Chicago - It's not officially here yet, but there are hints of fall in the air already.
The sun starting rising after 6 a.m. last week and began setting before 7:30 p.m. this week. We will wake up to lows in the upper 50s Saturday morning.
Autumn is less than a week away. Meteorological fall begins next Thursday with the start of September. What can we expect for the fall of 2022? I'll get to that in a second, but first I want to focus on the long term temperature trend we have been observing for fall here in Chicago.
On average, our falls have been getting warmer. Climate Central analyzed 51 years (1970-2020) of fall temperature data for 246 locations across the United States, including Chicago. 95% of the locations they analyzed had an increase in average fall temperatures since 1970. 57% of the cities saw a warming of at least 2 degrees since then.
Chicago saw an increase of just over 1 degree during the period. Warmer falls do have impacts. Climate Central noted the following repercussions:
- The incursion of summer heat and humidity into the fall season extends the threat of pollen allergies and disease-carrying pests like mosquitoes and ticks.
- Extreme heat—the #1 weather-related cause of death in the U.S.—presents a risk of serious illness and hospitalization. The risk is raised for children, people over 65, and lower-income communities.
- Air conditioners are run later into the year, upping energy costs and greenhouse gas emissions.
- Hotter falls also mean a longer wildfire season. This, combined with a heat-driven rise in air pollution, puts air quality at stake.
- A warmer-than-expected fall season may negatively impact the timing of natural events like bird migrations, hibernation, and fruit ripening.
I scanned through the climatological records for Chicago and found a few interesting observations about our falls. 6 of the 25 warmest falls have occurred since 2005. 7 of the wettest falls on record have occurred since 2001.
The National Weather Service's fall outlook hints at a warmer than average and drier than average season ahead.
The seasonal temperature outlook has us "leaning above" average overall from September through October. The only part of our country forecast to be below average is a portion of Alaska.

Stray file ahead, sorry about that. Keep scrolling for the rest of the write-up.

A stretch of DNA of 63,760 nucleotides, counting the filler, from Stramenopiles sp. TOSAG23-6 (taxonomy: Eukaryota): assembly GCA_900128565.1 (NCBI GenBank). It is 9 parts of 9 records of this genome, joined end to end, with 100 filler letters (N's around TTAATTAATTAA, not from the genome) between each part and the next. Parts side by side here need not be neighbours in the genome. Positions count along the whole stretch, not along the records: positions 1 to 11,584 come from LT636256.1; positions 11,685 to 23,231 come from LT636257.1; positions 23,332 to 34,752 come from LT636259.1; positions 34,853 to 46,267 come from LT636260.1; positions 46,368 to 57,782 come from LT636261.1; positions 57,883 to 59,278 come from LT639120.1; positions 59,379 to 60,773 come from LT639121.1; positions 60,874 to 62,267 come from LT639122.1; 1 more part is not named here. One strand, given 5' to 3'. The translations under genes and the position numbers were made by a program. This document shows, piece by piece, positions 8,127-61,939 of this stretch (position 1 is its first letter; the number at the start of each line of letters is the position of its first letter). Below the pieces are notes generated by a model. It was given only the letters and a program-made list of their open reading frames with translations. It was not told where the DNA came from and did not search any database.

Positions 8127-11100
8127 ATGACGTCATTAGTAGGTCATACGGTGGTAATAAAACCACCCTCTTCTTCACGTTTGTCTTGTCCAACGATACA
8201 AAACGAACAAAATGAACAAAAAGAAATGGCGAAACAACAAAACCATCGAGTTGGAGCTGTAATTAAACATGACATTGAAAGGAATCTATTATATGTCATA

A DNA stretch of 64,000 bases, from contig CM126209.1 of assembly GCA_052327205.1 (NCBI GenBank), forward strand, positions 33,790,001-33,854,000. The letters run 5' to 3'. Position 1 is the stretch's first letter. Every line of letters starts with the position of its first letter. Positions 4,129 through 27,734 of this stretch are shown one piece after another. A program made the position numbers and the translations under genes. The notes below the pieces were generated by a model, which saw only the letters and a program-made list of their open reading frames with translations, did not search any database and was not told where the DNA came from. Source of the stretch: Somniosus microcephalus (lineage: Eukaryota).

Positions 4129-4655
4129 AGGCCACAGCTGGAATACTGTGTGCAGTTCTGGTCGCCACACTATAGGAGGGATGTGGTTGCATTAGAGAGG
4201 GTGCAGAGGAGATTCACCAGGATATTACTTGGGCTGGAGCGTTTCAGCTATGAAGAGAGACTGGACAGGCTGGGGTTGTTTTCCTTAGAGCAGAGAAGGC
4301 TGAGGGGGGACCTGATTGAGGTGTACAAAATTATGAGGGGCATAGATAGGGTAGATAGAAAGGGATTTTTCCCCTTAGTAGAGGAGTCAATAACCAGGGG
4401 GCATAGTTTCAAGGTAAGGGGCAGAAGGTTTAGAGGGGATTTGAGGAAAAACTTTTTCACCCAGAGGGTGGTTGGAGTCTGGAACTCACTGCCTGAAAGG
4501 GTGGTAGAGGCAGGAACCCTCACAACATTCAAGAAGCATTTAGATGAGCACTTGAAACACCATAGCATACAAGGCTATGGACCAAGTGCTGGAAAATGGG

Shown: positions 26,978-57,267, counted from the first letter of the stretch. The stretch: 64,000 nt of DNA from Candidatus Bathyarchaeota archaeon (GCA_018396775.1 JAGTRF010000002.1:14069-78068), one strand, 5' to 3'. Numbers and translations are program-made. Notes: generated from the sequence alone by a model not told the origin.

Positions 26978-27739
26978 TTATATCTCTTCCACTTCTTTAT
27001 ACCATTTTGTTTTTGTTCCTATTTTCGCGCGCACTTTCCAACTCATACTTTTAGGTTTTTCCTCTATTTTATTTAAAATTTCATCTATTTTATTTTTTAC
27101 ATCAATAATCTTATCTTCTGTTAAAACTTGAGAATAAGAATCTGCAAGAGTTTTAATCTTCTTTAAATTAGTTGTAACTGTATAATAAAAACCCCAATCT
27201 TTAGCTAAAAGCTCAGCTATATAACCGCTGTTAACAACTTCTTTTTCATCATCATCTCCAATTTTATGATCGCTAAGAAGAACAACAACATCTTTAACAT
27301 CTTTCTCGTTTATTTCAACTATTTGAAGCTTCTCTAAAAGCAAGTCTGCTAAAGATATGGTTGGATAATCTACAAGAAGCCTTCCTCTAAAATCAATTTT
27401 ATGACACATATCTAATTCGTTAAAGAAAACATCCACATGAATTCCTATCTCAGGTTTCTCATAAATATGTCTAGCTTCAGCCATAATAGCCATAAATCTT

The seasonal temperature outlook has us "leaning below" average for autumn. Most of the middle part of our country falls into this category.
We still have a few days of summer to squeeze out before the arrival of autumn. It looks like the last month of summer will end on a warm note. August is running just barely above average. So far this month we are .3 degrees above overall. Our model suggests a warm weekend and start to next week with highs in the middle 80s from Saturday through at least Tuesday. Despite a cooler day today and a cooler last day of August next Wednesday, we will end the month and the entire season of summer above average.
The long range temperature outlooks starts off near normal and then warm us up above average overall as we start September. The 6-10 day outlook covers the period from next Wednesday through the following Sunday. It has us near normal overall for the last day of August and first few days of September.
The 8-14 day temperature outlook looks at the period from next Friday through the following Thursday. It has us "leaning above" average overall for the first week of September.
The long range precipitation outlooks seem to correspond to the seasonal outlook for fall. The 6-10 day outlook has us "leaning below" average overall.
The 8-14 day precipitation outlook keeps that overall dry pattern coming. It also has us "leaning below" average through the first week of September.
Curious about this winter? I posted an early outlook just a few days ago.